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Each and Every Light: New Garden Exhibitions Showcase the Beauty of Sapporo and Hokkaido

Breathtaking river scene with cherry blossom and bare trees, showcasing 'Vision of Place' text.

In an effort to heal the lingering division of World War II, Portland, Oregon and Sapporo, Hokkaido reached across the Pacific to become sister cities 65 years ago this year. To commemorate this longtime friendship, Portland Japanese Garden presents Vision of Place, two photography exhibitions sharing different perspectives of Hokkaido and its capital city of Sapporo. This treasured relationship sheds light on what connects us: celebrating arts and culture, a love of the outdoors, as well as a renewed appreciation for the indigenous communities that continue to teach us about protecting our local biodiversity and honoring heritage. The sister city partnership also inspired the foundation of Portland Japanese Garden and resulted in a gift of the Sapporo Pagoda Lantern, one of the garden’s iconic landmarks.

Shashin: Photographic Frontiers of Hokkaido

An image of Sapporo at night as seen from a park with buildings with lit windows in the background.
“Lights of My City,” 2023. Photo by Yūki Uryu.

In the Pavilion Gallery, Shashin: Photographic Frontiers of Hokkaido is a collaboration with The North Finder, a Sapporo-based group of photographers, that aims to share the natural beauty of our sister city and its surrounding prefecture. Kenta Nakamura, Chairman of The North Finder and one of the exhibiting artists, commented that unlike other artistic mediums, photography requires a subject in the real world. This is not a limitation, however, as it gives the group the opportunity to share what they love about Hokkaido with international viewers. Through the eyes of The North Finder, enticing scenery reveals the beauty of all four seasons across a range of landscapes from urban to remote and showcases the importance of humankind living in harmony with their natural surroundings. Participating photographer Yūki Uryu shared his insight on why he wanted to present his photograph of a frozen Tokachi River, and the city glimmering in the distance with visitors to Portland Japanese Garden:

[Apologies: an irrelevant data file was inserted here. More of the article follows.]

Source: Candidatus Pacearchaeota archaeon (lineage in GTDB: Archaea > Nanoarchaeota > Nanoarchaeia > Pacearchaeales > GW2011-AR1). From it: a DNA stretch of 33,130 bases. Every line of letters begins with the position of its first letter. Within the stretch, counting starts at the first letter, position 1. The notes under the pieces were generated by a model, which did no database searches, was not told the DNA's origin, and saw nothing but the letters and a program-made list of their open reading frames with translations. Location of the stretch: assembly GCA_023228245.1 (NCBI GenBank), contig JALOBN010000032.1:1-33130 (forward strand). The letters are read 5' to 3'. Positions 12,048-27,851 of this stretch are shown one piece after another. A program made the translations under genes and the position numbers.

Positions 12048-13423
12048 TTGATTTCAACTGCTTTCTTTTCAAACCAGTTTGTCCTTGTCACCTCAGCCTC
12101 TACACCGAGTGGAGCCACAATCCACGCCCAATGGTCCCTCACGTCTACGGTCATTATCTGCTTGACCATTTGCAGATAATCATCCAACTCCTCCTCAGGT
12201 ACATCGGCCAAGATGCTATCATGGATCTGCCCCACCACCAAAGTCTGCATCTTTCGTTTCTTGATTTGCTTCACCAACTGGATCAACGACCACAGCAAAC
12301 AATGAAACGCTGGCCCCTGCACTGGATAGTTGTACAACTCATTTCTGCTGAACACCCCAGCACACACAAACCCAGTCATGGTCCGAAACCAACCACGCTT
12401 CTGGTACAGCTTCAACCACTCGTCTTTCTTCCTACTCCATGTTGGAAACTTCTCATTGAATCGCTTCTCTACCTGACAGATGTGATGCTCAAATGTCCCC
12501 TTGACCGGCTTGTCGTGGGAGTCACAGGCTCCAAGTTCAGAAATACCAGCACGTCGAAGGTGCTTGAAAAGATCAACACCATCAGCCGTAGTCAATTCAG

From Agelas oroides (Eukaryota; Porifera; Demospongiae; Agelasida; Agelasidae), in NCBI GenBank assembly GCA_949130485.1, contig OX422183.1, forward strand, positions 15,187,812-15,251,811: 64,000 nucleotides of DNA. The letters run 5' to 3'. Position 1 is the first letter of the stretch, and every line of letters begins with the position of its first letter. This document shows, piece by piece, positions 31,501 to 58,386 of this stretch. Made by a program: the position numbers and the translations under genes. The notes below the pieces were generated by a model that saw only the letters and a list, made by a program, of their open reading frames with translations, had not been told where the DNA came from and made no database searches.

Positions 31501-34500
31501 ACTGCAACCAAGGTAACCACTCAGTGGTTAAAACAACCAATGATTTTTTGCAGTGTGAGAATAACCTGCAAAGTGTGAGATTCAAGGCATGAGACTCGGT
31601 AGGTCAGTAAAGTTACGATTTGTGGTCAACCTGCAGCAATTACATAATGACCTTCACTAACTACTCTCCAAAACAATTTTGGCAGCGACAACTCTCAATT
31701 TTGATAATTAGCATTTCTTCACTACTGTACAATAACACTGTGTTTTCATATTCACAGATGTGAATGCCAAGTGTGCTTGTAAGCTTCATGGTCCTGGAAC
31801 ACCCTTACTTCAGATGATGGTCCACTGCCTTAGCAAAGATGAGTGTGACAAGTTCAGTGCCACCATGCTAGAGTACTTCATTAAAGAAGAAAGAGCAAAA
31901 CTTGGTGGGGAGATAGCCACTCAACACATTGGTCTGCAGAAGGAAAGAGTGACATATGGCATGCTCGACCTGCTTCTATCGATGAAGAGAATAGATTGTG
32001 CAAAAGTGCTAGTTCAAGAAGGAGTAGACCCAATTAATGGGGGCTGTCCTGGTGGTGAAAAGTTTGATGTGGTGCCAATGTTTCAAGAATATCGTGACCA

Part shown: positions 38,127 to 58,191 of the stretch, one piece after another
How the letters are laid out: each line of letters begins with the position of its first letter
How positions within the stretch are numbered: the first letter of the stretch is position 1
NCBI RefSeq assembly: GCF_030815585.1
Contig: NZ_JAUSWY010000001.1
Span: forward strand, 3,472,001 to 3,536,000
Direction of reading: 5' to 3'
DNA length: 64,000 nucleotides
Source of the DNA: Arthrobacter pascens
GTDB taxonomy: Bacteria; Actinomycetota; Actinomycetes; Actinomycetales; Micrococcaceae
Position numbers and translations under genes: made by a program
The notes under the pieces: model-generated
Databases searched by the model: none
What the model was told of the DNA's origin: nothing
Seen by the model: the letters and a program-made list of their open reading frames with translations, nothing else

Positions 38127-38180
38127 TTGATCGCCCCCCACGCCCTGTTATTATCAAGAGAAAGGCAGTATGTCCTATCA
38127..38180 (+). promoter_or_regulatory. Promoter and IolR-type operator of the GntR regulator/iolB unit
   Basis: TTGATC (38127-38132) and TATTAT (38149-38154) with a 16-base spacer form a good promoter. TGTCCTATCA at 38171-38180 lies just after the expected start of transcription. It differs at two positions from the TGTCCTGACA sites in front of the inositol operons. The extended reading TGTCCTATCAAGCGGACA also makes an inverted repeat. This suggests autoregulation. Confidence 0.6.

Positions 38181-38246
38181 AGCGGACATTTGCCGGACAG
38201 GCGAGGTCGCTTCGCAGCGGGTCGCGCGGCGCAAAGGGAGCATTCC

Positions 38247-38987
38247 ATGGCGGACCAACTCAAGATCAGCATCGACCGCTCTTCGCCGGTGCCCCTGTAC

“Each and every light shapes Sapporo. The people who live here, the people who come here, and the people who pass through create the scenery of Sapporo.”

While natural splendor and similar latitudes constitute much of our common ground, it is ultimately the people of Sapporo and Portland and their ability to share, protect and promote the place they call home that make our sister-city relationship so meaningful.

Quiet Reflections of Hokkaido Winter: Photography by Sandra Chandler

A photograph of Hokkaido in winter by Sandra Chandler.
“Winterview” February 2023. Lake Kussharo, Teshikaga, Kawakami-Gun-Koshimizu. Photo by Sandra Chandler.

Vision of Place continues in the Calvin and Mayho Tanabe Gallery and Jordan Schnitzer Japanese Arts Learning Center with Quiet Reflections of Hokkaido Winter: Photography by Sandra Chandler. Winter snow covers Hokkaido for five months of the year. This clean and elegant coating over the landscape appealed to Chandler, who comes from a long career in interior design, and values the ability to distill the essence of an environment into its simplest form. Originally, photography was a way for her to record what she was seeing as she traveled, but as she continued to journey abroad and study the potential of photography, capturing the impression of a place over the factual details became a bigger priority. Chandler comments:

“When I have the opportunity to see an exhibition it expands my curiosity. It expands my knowledge base and exposes me to different parts of the world or different concepts. I come away feeling fuller than when I went in. And if I can share some of my work, share my experience and my voice just a little bit to enrich somebody else’s experience, that’s huge. That’s really a joyful concept.”

Since photography’s invention, it has been a medium for capturing unique moments experienced solely by the photographer yet preserved for others to see. As we celebrate the 65th anniversary of Portland and Sapporo’s Sister City relationship, we hope these photography exhibitions aid in fostering a sense of wonder and deeper respect between our cultures.